Human error, lack of information for the performance of tasks, lack of training and preparation of employees, distractions, and negligence in complying with safety protocols are the most common causes of accidents in the workplace.
However, the Internet of Things (IoT) has become the best alternative for monitoring, gathering sensor data, and better understanding work surroundings in the last few years. Employing security IoT enables businesses to monitor all potential workplace risks and dangers because, regardless of the industry, every company should prioritize workplace safety.
IoT technology, Big Data, and Artificial Intelligence (AI) are the architects of monitoring, preventing, and reducing workplace accidents. In addition to improving the productivity and efficiency of Industry 4.0, these technologies play a critical role in occupational safety since their integration considerably reduces accident data.
Wearables with sensors, such as vests, watches, and helmets, make monitoring the environment at work easy. In addition, companies use mobile applications to check these technologies continuously. As a result, many sensors work independently to stop, secure, and scale back actions that endanger the workplace.
AI-powered predictive analytics have transformed many industries, from retail to finance and aviation; these industries use predictive analytics technology to face operational challenges and drive growth. But since we can predict workplace accidents and safety incidents using analytics, safety professionals can use this technology to anticipate and prevent workplace injuries.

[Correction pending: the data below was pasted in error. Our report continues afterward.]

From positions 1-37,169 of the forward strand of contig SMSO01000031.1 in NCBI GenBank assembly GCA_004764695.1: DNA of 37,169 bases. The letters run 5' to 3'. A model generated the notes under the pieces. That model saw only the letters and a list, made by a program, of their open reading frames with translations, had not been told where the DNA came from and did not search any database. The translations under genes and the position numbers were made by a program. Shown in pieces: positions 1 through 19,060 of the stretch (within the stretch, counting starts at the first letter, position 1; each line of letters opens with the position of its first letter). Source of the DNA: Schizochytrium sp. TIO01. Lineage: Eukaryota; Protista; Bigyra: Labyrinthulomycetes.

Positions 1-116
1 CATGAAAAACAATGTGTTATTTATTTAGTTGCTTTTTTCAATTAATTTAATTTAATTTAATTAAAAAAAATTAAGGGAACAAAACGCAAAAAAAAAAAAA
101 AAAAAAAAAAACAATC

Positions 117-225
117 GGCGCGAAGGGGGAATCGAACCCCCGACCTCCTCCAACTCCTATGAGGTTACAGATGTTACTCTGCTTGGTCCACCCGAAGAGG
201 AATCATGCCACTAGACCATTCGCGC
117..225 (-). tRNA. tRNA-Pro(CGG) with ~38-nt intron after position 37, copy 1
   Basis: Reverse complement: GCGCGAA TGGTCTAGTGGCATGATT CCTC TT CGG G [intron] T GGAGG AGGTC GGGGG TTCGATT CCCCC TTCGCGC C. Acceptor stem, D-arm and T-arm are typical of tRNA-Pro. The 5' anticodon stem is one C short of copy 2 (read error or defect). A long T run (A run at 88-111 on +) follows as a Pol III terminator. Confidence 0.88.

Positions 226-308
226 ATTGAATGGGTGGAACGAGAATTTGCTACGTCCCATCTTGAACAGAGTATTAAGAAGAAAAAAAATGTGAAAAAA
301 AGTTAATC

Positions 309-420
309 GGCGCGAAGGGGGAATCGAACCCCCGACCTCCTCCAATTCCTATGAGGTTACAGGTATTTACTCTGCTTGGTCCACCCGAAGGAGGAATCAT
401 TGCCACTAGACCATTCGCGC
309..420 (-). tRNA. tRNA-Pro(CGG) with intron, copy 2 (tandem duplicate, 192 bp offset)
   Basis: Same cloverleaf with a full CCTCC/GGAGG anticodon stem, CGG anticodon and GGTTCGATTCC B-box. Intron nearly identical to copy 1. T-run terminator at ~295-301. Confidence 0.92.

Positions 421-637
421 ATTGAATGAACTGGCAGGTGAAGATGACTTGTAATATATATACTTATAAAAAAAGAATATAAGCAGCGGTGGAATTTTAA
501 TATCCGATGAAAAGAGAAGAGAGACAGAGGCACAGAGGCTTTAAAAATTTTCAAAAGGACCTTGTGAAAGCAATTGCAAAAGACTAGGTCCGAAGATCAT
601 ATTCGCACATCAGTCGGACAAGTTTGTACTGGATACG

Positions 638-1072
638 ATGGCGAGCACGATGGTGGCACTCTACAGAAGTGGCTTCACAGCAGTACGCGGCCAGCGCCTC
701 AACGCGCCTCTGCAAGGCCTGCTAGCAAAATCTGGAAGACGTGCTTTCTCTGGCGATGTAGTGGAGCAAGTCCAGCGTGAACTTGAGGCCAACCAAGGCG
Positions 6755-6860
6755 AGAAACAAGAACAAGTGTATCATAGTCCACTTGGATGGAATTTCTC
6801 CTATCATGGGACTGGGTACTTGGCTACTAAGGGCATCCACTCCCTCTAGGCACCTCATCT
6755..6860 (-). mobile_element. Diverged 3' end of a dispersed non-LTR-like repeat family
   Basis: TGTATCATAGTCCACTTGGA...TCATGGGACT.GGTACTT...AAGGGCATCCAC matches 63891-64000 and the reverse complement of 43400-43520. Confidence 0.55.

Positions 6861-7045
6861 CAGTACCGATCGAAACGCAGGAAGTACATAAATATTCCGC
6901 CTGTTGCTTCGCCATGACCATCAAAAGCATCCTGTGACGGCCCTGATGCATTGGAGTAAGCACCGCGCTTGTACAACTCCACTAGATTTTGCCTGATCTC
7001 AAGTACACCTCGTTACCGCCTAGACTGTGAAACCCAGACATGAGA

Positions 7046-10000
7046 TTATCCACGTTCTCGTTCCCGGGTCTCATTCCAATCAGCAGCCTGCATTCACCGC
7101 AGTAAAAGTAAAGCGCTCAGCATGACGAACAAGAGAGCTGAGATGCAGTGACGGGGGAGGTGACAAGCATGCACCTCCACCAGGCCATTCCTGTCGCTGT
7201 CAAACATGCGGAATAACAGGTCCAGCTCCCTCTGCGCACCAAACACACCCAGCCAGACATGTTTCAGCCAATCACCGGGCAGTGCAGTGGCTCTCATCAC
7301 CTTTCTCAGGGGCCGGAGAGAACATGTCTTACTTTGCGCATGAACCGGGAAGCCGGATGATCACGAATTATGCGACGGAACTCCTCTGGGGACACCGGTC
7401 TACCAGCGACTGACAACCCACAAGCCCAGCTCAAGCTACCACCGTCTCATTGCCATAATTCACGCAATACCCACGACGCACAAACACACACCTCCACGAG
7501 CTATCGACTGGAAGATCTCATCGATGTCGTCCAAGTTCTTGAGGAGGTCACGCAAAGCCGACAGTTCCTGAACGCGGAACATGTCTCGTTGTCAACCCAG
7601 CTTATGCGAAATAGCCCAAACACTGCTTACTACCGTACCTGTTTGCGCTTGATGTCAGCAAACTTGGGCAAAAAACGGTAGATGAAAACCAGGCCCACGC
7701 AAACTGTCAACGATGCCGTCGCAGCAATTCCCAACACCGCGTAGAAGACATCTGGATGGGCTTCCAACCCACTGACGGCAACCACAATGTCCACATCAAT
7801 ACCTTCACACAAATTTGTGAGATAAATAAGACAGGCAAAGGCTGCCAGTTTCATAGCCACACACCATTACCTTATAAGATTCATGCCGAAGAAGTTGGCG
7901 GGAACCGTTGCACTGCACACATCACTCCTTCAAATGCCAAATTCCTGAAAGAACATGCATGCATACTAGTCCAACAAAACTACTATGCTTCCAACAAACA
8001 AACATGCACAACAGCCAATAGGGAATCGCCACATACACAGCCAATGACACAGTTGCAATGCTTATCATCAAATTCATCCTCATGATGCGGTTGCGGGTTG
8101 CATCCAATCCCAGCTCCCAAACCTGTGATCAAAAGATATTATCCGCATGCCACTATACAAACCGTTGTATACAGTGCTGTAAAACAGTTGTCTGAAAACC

Regardless of the workplace risks they face, most organizations can apply predictive analytics in the EHS field to improve their prevention strategies, the costs associated with OSH initiatives, and the overall efficiency of their businesses.
Most organizations’ occupational health and safety indicator analysis reviews historical accident and incident data to identify potential trends. Therefore, most of them are based on the study of isolated indicators and are limited to data directly linked to specific events. However, in most instances, this data only shows what happened rather than the root cause.